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English Black Glass or Dutch ?

Steve/sewell

Well-Known Member
Jan 23, 2010
6,108
0
Hi Christian,Yes your bottle does look to be being made in the colonial era.Wistarburgh Glassboro,Stiegel and Amelung all had very similar styles
influenced by the German Glass blowers.The color and style could put it in Wistarburgh as that color green seems to be more towards Wistars factory then
the others.Does the pontil have a white yellowy substance around the perimeter of it.If so then the bottle would be a very strong candidate as to being made at Wistarburgh.
 

daltonbottles

Well-Known Member
May 11, 2010
54
0
Sniped one of my rarer black glass bottles off eBay this past week. It's a half-sized longneck Continental mallet that measures only 8.5 inches in height, with the neck making up 5 inches of the total length. Width at base is only 3.25 inches. There were a couple of these in the Cosbert Collection, but nothing this short in body or total length. Haven't decided yet if it's Belgian, German, or French. The symmetrical string collar and lack of major lip flair leans me away from Dutch, and the color is a much deeper forest green than normally seen on Dutch glass. The glass is also thicker, more like Belgian and German pieces. It's free-blown, asymmetrical in cross-section and obviously not blown in a dip mold, so I tend to think it is likely an early cylindrical form made between 1730 and 1760. You just never know what is going to pop up on eBay.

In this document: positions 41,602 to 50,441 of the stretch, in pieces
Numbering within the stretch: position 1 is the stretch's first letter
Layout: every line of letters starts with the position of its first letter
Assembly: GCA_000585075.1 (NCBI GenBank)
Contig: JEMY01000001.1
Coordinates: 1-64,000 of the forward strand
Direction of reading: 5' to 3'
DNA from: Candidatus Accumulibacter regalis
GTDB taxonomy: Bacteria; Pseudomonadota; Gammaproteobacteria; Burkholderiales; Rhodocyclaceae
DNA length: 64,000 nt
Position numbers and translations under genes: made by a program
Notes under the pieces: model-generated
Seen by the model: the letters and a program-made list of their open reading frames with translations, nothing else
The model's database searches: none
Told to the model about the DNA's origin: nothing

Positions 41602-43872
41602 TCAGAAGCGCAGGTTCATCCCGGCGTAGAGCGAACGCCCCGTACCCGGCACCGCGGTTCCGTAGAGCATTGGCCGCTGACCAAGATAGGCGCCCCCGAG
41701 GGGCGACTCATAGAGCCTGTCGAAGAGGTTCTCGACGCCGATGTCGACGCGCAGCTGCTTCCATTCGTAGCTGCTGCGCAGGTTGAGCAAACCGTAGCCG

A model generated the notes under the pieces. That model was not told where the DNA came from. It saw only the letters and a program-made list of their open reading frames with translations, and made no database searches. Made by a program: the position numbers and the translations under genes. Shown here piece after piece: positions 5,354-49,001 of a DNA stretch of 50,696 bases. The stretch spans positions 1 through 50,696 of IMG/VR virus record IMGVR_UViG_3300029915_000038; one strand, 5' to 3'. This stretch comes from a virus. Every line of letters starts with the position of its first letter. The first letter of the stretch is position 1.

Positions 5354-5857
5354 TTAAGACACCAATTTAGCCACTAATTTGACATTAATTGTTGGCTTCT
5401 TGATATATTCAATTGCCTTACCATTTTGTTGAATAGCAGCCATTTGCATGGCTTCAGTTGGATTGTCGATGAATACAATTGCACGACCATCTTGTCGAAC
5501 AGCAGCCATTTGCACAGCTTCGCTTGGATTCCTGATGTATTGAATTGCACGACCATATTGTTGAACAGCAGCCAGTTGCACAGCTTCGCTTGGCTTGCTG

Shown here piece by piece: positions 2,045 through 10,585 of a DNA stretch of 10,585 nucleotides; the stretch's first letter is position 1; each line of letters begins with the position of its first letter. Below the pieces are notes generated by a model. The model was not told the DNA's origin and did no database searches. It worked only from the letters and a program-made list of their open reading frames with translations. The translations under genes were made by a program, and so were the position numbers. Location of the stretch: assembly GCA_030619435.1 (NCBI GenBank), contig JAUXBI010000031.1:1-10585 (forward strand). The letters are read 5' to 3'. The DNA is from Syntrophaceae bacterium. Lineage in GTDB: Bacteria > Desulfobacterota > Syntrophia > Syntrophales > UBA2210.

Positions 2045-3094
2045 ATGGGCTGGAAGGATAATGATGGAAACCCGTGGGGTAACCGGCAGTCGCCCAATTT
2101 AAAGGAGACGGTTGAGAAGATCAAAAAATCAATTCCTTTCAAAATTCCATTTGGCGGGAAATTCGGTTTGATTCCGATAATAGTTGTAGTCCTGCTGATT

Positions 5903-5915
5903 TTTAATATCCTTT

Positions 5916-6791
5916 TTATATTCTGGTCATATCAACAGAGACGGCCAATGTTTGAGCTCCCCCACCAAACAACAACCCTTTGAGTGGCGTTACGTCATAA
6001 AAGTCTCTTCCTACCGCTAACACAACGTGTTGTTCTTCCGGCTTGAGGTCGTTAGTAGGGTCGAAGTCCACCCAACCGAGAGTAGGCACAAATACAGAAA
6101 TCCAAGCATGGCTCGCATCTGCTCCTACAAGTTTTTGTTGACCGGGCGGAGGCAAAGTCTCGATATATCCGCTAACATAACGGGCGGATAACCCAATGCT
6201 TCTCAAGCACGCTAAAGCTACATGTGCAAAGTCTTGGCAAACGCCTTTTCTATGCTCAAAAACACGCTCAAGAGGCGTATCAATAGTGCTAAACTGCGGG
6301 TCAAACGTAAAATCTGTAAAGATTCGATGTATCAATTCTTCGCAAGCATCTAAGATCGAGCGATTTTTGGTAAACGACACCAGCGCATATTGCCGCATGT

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CazDigger

Well-Known Member
Jun 26, 2005
685
16
Central NY State
I just acquired this large demijon from a local (upstate NY ) estate. It is round, about 20" tall and 16" wide with a string lip and no pontil. Any knowlegable input about its age and location of manufacture would be appreciated. THANKS! Mark




 

CHESHIRE

New Member
Jul 18, 2013
1
0
Dear Daltonbottles,

I have an archaeological bottle in a 1760 context from western Massachusetts It has a classic blowpipe pontil scar, so it is not English and the body is not French......so I think that it is either Dutch (though it does not have a really long neck typical of 1760 Dutch) or American (German would be a stretch given the provenance).....

Can you take a look at it.....as Dutch would be very exciting for us in early pioneer western mass......

My email is the best frank.e.white@accenture.com

Tx Frank
 

cowseatmaize

Well-Known Member
Dec 2, 2004
12,387
0
Northeastern USA
This thread was last posted on almost 3 years ago and I don't think the OP has posted since.
I think you'd make out better by starting a new thread with a description and some pictures.
"Pontils Only" would be a good spot.
Admin
 

nhpharm

Well-Known Member
Apr 24, 2007
1,973
63
Looks 1880's-1890's to me. We dig a lot of those English beers in Texas with that nippled base style in that context.
 

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